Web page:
Repeat. . . .
Liam's house has a staircase with 12 steps. He can go down the steps one at a time or two at time. In how many different ways can Liam go down the 12 steps?
Here are three 'tricks' to amaze your friends. But the really
clever trick is explaining to them why these 'tricks' are maths not
magic. Like all good magicians, you should practice by trying. . . .
Can you fit Ls together to make larger versions of themselves?
You can work out the number someone else is thinking of as follows. Ask a friend to think of any natural number less than 100. Then ask them to tell you the remainders when this number is divided by. . . .
In the following sum the letters A, B, C, D, E and F stand for six
distinct digits. Find all the ways of replacing the letters with
digits so that the arithmetic is correct.
Eight children enter the autumn cross-country race at school. How
many possible ways could they come in at first, second and third
Try to solve this very difficult problem and then study our two suggested solutions. How would you use your knowledge to try to solve variants on the original problem?
Consider the equation 1/a + 1/b + 1/c = 1 where a, b and c are
natural numbers and 0 < a < b < c. Prove that there is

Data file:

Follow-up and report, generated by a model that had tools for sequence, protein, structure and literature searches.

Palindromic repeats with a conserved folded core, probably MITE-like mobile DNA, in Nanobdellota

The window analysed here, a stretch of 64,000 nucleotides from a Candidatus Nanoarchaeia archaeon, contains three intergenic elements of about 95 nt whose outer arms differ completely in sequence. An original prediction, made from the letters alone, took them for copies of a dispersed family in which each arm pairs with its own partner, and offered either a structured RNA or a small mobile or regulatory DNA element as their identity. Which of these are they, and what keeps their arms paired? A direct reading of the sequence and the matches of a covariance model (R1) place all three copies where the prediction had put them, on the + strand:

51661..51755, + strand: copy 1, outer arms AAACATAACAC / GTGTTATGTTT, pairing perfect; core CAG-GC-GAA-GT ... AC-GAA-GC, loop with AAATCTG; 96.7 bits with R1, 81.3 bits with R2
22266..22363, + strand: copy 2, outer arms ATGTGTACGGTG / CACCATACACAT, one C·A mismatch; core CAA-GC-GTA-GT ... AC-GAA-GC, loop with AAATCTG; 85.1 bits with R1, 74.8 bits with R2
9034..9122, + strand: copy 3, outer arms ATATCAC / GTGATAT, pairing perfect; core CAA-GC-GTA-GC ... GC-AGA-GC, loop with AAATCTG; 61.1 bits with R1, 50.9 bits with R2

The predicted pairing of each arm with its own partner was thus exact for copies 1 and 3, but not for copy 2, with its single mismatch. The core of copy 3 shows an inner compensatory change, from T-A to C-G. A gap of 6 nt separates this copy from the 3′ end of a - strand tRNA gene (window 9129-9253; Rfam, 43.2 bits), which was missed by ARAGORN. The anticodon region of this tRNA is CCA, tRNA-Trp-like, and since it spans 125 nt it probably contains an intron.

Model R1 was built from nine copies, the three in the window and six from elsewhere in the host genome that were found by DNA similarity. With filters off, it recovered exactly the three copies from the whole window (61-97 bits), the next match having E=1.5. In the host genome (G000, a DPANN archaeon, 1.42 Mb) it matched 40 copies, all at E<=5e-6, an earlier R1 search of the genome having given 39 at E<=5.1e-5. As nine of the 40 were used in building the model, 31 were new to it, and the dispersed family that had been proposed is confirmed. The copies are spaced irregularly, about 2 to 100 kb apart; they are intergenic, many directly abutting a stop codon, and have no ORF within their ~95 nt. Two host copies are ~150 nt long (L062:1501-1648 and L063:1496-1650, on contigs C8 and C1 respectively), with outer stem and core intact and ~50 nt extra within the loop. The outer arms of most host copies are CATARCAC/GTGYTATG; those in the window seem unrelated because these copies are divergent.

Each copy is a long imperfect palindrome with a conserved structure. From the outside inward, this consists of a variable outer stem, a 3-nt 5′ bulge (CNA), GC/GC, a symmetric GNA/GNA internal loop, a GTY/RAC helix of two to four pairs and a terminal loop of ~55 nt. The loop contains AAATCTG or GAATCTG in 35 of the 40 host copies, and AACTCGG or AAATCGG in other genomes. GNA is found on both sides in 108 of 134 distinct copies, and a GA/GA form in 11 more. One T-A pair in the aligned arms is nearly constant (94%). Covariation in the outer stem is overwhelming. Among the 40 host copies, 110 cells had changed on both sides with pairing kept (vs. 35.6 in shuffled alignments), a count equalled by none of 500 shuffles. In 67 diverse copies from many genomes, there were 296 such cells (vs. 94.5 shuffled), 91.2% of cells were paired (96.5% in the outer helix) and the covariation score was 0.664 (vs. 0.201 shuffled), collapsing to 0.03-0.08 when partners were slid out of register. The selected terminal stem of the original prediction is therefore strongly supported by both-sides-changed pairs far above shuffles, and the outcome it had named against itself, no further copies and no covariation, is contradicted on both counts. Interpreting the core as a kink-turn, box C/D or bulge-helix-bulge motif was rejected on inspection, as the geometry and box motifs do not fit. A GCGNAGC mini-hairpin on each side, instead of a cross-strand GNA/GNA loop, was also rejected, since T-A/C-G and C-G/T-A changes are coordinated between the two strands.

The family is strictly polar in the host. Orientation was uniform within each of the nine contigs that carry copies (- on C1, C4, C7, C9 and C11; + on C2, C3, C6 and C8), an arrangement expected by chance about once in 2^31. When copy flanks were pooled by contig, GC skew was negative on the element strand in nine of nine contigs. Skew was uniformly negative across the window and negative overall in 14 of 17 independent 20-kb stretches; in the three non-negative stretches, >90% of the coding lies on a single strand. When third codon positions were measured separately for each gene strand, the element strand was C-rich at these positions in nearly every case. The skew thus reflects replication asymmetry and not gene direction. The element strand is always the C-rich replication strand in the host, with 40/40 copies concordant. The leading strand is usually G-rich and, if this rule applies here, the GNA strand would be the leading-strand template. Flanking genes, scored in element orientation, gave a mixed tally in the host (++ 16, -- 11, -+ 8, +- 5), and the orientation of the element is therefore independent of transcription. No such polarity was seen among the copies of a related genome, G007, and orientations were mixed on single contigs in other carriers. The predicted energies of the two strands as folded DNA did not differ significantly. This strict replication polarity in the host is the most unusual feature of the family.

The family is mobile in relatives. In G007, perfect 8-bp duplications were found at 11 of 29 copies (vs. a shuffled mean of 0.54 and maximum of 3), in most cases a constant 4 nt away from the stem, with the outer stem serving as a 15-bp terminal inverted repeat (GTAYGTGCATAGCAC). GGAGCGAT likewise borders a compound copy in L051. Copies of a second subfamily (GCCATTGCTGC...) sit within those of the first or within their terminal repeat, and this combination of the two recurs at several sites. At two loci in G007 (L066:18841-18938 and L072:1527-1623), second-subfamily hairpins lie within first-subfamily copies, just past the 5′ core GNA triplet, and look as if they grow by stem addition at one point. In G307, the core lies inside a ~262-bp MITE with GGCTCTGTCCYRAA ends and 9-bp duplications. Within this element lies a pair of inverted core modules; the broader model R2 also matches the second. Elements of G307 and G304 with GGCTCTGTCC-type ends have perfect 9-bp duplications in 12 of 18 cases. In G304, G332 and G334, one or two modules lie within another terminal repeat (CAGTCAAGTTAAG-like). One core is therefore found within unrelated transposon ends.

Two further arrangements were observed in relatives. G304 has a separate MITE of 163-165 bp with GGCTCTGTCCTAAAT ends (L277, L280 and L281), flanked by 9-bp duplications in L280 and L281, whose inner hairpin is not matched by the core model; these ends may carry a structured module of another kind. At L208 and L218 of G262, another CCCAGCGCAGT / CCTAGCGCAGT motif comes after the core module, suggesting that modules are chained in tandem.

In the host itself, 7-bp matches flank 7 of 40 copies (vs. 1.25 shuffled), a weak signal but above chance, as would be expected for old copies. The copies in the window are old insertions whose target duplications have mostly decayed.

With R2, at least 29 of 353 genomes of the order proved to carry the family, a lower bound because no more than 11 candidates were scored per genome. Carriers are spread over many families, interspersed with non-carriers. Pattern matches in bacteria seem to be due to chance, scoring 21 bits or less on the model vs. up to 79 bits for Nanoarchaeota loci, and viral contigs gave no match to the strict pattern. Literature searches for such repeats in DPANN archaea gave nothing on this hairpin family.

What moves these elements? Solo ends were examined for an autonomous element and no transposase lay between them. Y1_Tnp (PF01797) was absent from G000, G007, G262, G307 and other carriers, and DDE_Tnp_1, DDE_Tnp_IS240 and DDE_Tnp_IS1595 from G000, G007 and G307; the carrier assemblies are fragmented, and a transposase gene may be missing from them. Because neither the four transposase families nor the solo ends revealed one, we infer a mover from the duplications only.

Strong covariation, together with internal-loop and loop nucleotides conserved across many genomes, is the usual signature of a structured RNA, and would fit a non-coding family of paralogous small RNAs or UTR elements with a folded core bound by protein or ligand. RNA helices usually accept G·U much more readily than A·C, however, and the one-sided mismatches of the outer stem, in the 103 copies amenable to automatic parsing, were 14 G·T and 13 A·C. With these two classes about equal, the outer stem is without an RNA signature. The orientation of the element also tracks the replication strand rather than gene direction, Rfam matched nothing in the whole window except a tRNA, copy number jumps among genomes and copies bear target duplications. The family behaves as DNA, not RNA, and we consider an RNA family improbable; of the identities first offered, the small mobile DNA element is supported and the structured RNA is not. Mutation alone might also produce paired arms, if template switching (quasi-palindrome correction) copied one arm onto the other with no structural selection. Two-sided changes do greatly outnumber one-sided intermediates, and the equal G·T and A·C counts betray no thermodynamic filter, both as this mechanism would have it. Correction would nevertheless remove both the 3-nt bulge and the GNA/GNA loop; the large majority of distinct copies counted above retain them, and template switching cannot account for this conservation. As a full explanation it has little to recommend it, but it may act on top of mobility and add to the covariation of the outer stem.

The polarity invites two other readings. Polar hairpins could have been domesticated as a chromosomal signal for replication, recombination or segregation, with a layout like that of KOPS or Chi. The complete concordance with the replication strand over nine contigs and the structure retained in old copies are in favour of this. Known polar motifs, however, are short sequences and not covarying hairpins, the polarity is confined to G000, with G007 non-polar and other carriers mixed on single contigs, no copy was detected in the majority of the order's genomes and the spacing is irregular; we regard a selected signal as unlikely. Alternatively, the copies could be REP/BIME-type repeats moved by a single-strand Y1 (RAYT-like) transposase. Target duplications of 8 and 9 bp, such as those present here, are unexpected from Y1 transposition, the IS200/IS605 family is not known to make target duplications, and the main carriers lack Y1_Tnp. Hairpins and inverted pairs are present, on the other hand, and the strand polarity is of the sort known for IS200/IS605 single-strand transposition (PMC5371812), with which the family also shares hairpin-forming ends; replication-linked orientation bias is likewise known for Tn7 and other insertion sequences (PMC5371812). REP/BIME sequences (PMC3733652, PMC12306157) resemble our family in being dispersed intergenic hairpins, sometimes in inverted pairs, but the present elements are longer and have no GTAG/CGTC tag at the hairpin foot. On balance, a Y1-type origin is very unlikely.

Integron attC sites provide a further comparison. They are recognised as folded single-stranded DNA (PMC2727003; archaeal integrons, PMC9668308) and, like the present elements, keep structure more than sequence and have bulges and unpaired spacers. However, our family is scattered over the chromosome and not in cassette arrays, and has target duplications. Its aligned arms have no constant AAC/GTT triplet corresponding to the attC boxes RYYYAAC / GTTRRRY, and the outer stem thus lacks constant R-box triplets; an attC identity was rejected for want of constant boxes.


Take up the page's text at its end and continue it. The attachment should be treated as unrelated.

only one set of values which satisfy this equation.
Let a(n) be the number of ways of expressing the integer n as an
ordered sum of 1's and 2's. Let b(n) be the number of ways of
expressing n as an ordered sum of integers greater than 1. (i)
Calculate. . . .
Investigate the sequences obtained by starting with any positive 2
digit number (10a+b) and repeatedly using the rule 10a+b maps to
10b-a to get the next number in the sequence.
Write down a three-digit number Change the order of the digits to
get a different number Find the difference between the two three
digit numbers Follow the rest of the instructions then try. . . .
A huge wheel is rolling past your window. What do you see?
Three frogs hopped onto the table. A red frog on the left a green in the middle and a blue frog on the right. Then frogs started jumping randomly over any adjacent frog. Is it possible for them to. . . .
Choose a couple of the sequences. Try to picture how to make the next, and the next, and the next... Can you describe your reasoning?
Is it true that any convex hexagon will tessellate if it has a pair
of opposite sides that are equal, and three adjacent angles that
add up to 360 degrees?
Show that if you add 1 to the product of four consecutive numbers
the answer is ALWAYS a perfect square.